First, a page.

Can a cancerous breast lump ever have oozing or weeping?

Very Rarely. Oozing or weeping from the skin of the breast is most commonly due to a skin-based infection rather than a breast (tissue) disease. However, a large cancer can erode through the skin and cause an open, oozing wound. Also, a rare from of cancer, inflammatory breast cancer, can mimic a breast infection with skin changes. In short: it's best to see your doctor just to be safe.

Related Questions

Can there be a typical size of a cancerous breast lump?

No set size. Ideally, a breast cancer is found before you can feel it. This is usually done via screening mammograms. If a lump is found, it needs to be further examined with mammograms to see if other lumps are present and some kind of biopsy to determine if it is a cancer. Read more...

Please tell me if it is easy to detect a cancerous breast lump?

Varies. Each patient is different and each cancer diagnosis has its own challenges. The only way to diagnose cancer of breast or any other cancer is to remove the suspicious tissue and have it examined by a pathologist. Read more...

Is cancerous breast lump single or there may b two cancerous lumps in breast.?

Multiple possible. Hi. If you have a genetic risk for breast cancer (e.g., one of the BRCA gene mutations, and other genes too), multifocal breast cancer is more likely than in sporadic cases of breast cancer. Overall, multifocal breast cancer at the time of diagnosis is uncommon. Given your age of 25, I would lean heavily toward suspecting a genetic form of breast cancer. Evaluate ALL breast lumps. Good luck! Read more...

How can I tell if a breast lump is cancer?

See a MD. Although breast cancer lumps tend to be hard and fixed to the chest wall, there are many exceptions in early cancers. Don't try to "guess" if it is cancer or not- see a md for an accurate assessment. Read more...
Biopsy. I agree that a malignancy typically is hard. However, there are several ways to tell. If you feel a mass, it should be examined and even if it cannot be felt by a physician, it should be imaged. If a mass can be felt, then the best way to image it is with an ultrasound. Hope this helps. Read more...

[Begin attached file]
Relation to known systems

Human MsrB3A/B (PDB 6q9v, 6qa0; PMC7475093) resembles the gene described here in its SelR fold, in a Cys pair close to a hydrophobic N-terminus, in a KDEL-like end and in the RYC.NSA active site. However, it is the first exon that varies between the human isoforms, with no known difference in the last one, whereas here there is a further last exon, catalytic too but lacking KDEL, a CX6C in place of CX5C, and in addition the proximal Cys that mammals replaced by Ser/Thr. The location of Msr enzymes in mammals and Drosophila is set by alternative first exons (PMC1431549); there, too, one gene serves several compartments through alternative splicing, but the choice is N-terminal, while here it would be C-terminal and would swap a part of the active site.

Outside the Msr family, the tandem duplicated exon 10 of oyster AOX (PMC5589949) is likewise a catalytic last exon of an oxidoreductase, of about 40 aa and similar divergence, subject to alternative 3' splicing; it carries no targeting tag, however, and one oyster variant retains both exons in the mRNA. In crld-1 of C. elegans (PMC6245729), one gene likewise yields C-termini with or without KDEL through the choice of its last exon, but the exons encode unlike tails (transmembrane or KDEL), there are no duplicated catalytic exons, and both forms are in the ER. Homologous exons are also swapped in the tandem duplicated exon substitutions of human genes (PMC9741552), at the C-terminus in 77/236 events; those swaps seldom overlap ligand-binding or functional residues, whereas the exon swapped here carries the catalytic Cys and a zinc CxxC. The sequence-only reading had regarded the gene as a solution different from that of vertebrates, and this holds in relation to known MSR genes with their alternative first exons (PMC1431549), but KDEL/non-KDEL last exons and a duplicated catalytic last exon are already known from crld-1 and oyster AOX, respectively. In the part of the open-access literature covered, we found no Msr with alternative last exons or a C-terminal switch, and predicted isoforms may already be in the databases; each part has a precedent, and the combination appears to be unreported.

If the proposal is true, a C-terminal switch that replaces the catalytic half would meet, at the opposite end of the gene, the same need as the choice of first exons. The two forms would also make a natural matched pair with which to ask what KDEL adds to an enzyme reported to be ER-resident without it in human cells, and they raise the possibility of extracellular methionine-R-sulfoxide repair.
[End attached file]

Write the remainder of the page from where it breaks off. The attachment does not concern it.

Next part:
Best to have. It checked by your physician. May need to refer to a specialist for biopsy. Also may order some diagnostic tests to make diagnosis. Once confirmed , treatment plans will be in order. Read more...
See a doctor. You cannot tell without getting a physical examination with a doctor & scheduling a mammogram with possible breast ultrasound. Sometimes further testing with needle biopsy may be indicated. Read more...
BIopsy. The very fact that you are concerned makes it highly-probable that biopsy is appropriate. A majority of women will have a breast biopsy during their lifetime, and if it's picked up early, breast cancer is almost 100% curable. Ignored, it's invariably fatal. I'm glad you've chosen to take a proactive approach to your health -- keep up the "take charge" attitude and good luck. Read more...

How can I tell if a breast lump is cancer or a benign lump?

Breast lump. With your stated age, any breast lump could either be beign or malignant. Please make an expedient appointment with your gyn to secure the right diagnosis. Read more...
Need 2 C Ur Doctor. It is difficult if not impossible to differentiate a benign breast tumor from a malignant one by exam alone. At your age an ultrasound may be very helpful; ultimately, a (needle) biopsy under local anesthesia in an office setting is the most definitive diagnostic method. I advise you to see your doctor for the appropriate direction. Read more...

If a breast lump is irregular instead of round, is it more likely to be cancer?

Yes. In general, cancers tend to grow in an irregular, crab-like pattern (crab in latin is cancer). However, many breast cancers can feel round and smooth. Bottom line: any new lump in the breast should be evaluated by a physician, regardless of the shape. Read more...
Not necessarily. Biopsy (a sample of the tissue in question usually done with a needle as an out patient) is the only definitive way to find out whether a non cystic lump is cancer, although there are certain characteristics thatt may allow your doctor to watch a mass , usually at 6 month intervals, to determine if it has a worrisome growth pattern. Read more...

I've developed a second breast lump in a matter of days. Is it likely to be cancer?

No. I guess my first question is, what was the first lump? In general, a new lump that appears to develop "overnight" is often a breast cyst, a fluid filled lump that develops after a duct becomes blocked. It is almost impossible to distinguish a cyst from a cancer by exam alone; an ultrasound can determine this easily. Regardless, any new lump in the breast warrants physician evaluation. Read more...
No. Lumps arising rapidly may be cysts or hematomas (blood containing masses such as after trauma or a biopsy). Read more...
See your doc. You should alert your friend primary care physician as to any changes you detect in your breasts. Read more...

I am wondering if this breast lump could be cancer? Which doctor should I call?

Your regular doctor. You should see your primary care provider as soon as you can. They can then coordinate testing and referrals as appropriate. Read more...
Your primary doctor. Your initial evaluation should be by your primary doctor either a family doctor, internist, or gynecologist. They will assess you to determine whether further testing is required including mammogram or ultrasound or mri. Alternatively, you can see a general surgeon or a surgeon specializing in breast surgery to see if further testing is necessary and if surgery will be required. Read more...